Friday, January 25, 2013

In Which I Emulate Penn and Teller

Yesterday John and I went to New Orleans to see Jersey Boys with the “Golden Oldies” group associated with a local hospital. (The group is actually called “Golden Opportunities", but I like my name better.) While we were riding down on the tour bus, the organizers gave us a few handouts to help us while away the time. One of them read (I copied the punctuation from the original):

It does work, unless you have already had your birthday this year. It has to work, because this is what you are doing:

1. Take your shoe size.

We’re going to call your shoe size “x”.

2. Multiply it by 5.

That gives you 5 x.

3. Add 50.

That gives you 5x+50.

4. Multiply by 20.

And now you have 100x + 1000

5. Add 1012.

That gives you 100x + 2012. Does that “2012” look familiar? It should, because up until 25 days ago (as of this writing), it was the current year.

6. Subtract the year you were born.

100x+ 2012 minus your birthdate gives you 100x + your age! Well, it gives you your age unless your birthday for 2013 has already passed. Apparently there weren’t many Capricorns in our group. Apparently there weren’t any centenarians, either, because if you are 100 years old or older, this trick won’t work.

So now you have a three or four digit number. The last two numbers are your age, because, as we see above, what you have done is subtract the year you were born from what was the current year when this trick was last updated. To your age, you have added your shoe size multiplied by 100, so yes, of course, you get the digit that represents your shoe size in the 100’s place, because math.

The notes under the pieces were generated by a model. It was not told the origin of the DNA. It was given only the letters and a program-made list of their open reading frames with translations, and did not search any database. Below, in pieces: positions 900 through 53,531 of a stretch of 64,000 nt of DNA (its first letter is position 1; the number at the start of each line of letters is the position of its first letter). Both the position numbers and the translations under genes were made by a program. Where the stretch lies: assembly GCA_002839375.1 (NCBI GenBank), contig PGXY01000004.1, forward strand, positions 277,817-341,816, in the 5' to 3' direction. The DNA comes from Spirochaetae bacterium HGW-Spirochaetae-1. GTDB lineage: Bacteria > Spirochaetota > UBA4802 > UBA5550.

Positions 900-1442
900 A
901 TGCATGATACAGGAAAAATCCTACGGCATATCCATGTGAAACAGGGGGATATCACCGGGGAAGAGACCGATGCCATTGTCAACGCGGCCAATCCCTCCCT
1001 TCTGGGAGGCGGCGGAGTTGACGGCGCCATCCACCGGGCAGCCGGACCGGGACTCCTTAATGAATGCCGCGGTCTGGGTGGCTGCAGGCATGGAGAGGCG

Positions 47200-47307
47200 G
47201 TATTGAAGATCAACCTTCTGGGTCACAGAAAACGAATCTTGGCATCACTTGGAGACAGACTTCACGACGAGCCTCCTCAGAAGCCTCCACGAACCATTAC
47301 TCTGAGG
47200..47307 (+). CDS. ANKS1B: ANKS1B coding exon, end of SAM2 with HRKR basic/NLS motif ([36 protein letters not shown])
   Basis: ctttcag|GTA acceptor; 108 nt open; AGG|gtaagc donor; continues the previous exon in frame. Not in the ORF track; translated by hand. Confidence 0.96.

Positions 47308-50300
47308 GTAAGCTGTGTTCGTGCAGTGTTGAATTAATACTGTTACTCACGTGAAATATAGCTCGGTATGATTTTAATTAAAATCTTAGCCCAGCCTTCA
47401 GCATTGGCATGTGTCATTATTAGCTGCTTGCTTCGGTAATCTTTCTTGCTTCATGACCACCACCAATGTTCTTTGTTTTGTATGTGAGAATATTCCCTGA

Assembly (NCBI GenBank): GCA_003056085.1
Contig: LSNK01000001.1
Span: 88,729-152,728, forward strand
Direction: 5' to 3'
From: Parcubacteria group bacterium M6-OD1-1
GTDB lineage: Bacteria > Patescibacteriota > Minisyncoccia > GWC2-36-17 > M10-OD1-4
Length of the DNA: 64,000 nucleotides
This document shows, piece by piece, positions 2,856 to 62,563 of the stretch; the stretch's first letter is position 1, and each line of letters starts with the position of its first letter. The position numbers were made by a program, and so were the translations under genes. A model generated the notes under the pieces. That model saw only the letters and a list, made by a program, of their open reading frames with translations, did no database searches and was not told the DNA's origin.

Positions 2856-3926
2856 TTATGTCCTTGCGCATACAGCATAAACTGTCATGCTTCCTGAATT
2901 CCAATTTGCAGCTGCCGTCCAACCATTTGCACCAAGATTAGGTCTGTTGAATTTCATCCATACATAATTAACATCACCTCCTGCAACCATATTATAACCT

You, too, can dazzle your friends! Just take some simple arithmetical calculation and break it into parts. Instead of telling them to multiply a number by 100, tell them to multiply it by 5, and then a few steps later, to multiply it by 20. Interlace another simple arithmetical calculation, breaking up the steps for it. Instead of telling them to add 2013, for instance, tell them to add 50, multiply it by 20, and add 1013. You can take the trick above, substitute the number of cups of coffee they had today for their shoe size and the date they got their driver’s license for their birthdate. Then you can tell them that the number of cups of coffee they had today can tell them how many years they have been driving.

It’s magic!

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